distinguished representatives of the War and 
Navy Departments. Rear Admiral J. L. Mc- 
Crea, who served as naval aide to the late Presi- 
dent Roosevelt, and Rear Admiral M. B. Gard- 
ner, who has just returned from the command 
of a submarine force in the Pacific, arc present 
to represent the Navy Department. 

And now It is my privilege to present to you 
a distinguished military leader, just back from 
Europe, who will speak for the War Depart- 
ment and unveil the case in which are displayed 
the German surrender documents. All of you 
are familiar with the heroic saga of Bastogne 
and with the successful stand made there by a 
mere handful of brave fighting men. I am in- 



deed hanored to introduce to you the intrepid 
commander of our embattled garrison at Bas- 
togne, who, in response to a German demand to 
surrender, sent the now famous reply, "Nuts!" 
Ladies and gentlemen, Major General Anthony 
C. McAulifTe. 

Major General McAuliffe: Senator John- 
son, Dr. Buck, ladies and gentlemen. I am in- 
deed honored, as representative of the Secre- . 
tary of War, to assist in officially unveiling the 
German unconditional surrender documents. 
These documents are testimony, now and for- 
ever, that the American soldier, bound to a just 
cause, and backed up by the labor and industry 
of America, can and will overcome any evil force 
on earth no matter how strong, or how long in 
power. These documents also are a promise of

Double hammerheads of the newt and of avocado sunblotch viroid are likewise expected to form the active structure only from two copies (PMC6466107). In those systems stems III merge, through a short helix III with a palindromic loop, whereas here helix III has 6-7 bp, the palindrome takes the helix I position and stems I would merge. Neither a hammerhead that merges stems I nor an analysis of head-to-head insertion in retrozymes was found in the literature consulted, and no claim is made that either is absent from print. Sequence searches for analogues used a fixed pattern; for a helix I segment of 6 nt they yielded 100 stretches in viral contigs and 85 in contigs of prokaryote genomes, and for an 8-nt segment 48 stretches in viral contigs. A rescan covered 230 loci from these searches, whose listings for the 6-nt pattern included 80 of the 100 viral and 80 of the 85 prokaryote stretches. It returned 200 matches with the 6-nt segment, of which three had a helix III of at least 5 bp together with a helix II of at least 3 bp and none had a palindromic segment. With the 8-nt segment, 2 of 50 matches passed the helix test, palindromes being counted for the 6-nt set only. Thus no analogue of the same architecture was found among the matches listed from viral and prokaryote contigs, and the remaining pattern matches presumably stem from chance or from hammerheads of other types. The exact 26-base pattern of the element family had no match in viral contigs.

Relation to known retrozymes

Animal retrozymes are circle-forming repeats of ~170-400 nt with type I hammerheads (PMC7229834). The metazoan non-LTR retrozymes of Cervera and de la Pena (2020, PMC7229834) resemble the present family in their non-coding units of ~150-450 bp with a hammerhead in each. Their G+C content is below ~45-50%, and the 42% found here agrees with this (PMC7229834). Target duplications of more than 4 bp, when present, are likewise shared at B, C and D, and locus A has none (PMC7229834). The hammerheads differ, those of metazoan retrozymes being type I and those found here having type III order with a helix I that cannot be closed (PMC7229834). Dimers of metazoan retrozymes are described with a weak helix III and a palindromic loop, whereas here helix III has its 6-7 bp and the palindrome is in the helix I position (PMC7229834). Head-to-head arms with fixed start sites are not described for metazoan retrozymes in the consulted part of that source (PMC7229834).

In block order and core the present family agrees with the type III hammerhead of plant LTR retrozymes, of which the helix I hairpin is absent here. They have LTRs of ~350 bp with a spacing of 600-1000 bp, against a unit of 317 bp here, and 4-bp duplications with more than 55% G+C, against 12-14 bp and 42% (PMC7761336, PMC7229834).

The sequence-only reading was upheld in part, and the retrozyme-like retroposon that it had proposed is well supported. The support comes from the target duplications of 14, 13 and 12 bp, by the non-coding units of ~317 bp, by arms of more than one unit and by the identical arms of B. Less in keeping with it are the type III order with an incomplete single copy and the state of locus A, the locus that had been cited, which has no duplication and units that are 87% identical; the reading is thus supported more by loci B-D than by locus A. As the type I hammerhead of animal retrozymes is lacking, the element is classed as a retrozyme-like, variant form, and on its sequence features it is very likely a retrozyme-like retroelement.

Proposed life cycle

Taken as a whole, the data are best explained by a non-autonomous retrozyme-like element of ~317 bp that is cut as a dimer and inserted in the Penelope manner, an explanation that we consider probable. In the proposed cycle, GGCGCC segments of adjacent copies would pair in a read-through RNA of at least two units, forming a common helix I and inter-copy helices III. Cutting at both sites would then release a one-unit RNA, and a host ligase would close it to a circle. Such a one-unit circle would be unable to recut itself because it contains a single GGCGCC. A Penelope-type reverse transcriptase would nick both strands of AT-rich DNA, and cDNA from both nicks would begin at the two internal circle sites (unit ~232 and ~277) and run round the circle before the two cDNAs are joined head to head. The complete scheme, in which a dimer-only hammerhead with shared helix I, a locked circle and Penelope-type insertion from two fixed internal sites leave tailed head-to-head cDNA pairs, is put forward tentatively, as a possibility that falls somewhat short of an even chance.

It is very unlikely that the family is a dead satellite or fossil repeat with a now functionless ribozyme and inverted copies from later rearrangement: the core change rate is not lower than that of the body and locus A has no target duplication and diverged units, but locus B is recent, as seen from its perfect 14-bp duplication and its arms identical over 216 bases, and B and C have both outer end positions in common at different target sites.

the future, the unhappy future that lies ahead 
for our bitter enemy, Japan. On this first anni- 
versary of D-day, I know I speak from the heart 
of every American soldier when I say we are 
proud of the part we played to help bring these 
documents here. And I know, too, I speak for 
them when I say we cannot rest until the mili- 
tary might of that enemy in the Pacific is de- 
stroyed and peace is once more restored to this 
earth. 

Senator Johnson: Thank you, General Mc- 
Auliffe. The American people are indeed for- 
tunate that our armed forces, of whom we are 
so proud, are under the command of men like 
you, who provide such undaunted leadership. 

And now it is my privilege to present to you 
the Archivist of the United States, who will ac- 
cept these historic documents for public display 
and who will read a message from the President 
of the United States. Ladies and gentlemen, 
the Archivist of the United States, Dr. Solon J. 
Buck. 

The Archivist: Senator Johnson, General 
McAuliffe, ladies and gentlemen. It is with 
deep gratitude, General McAuliffe, that the Na- 
tional Archives receives from you, as a repre- 
sentative of the American armed forces, these 
tokens of Germany's unconditional surrender. 
Here in a few sheets of paper is recorded his- 
tory's greatest triumph over the forces of evil. 
Here is recorded the end, at last, of a tyranny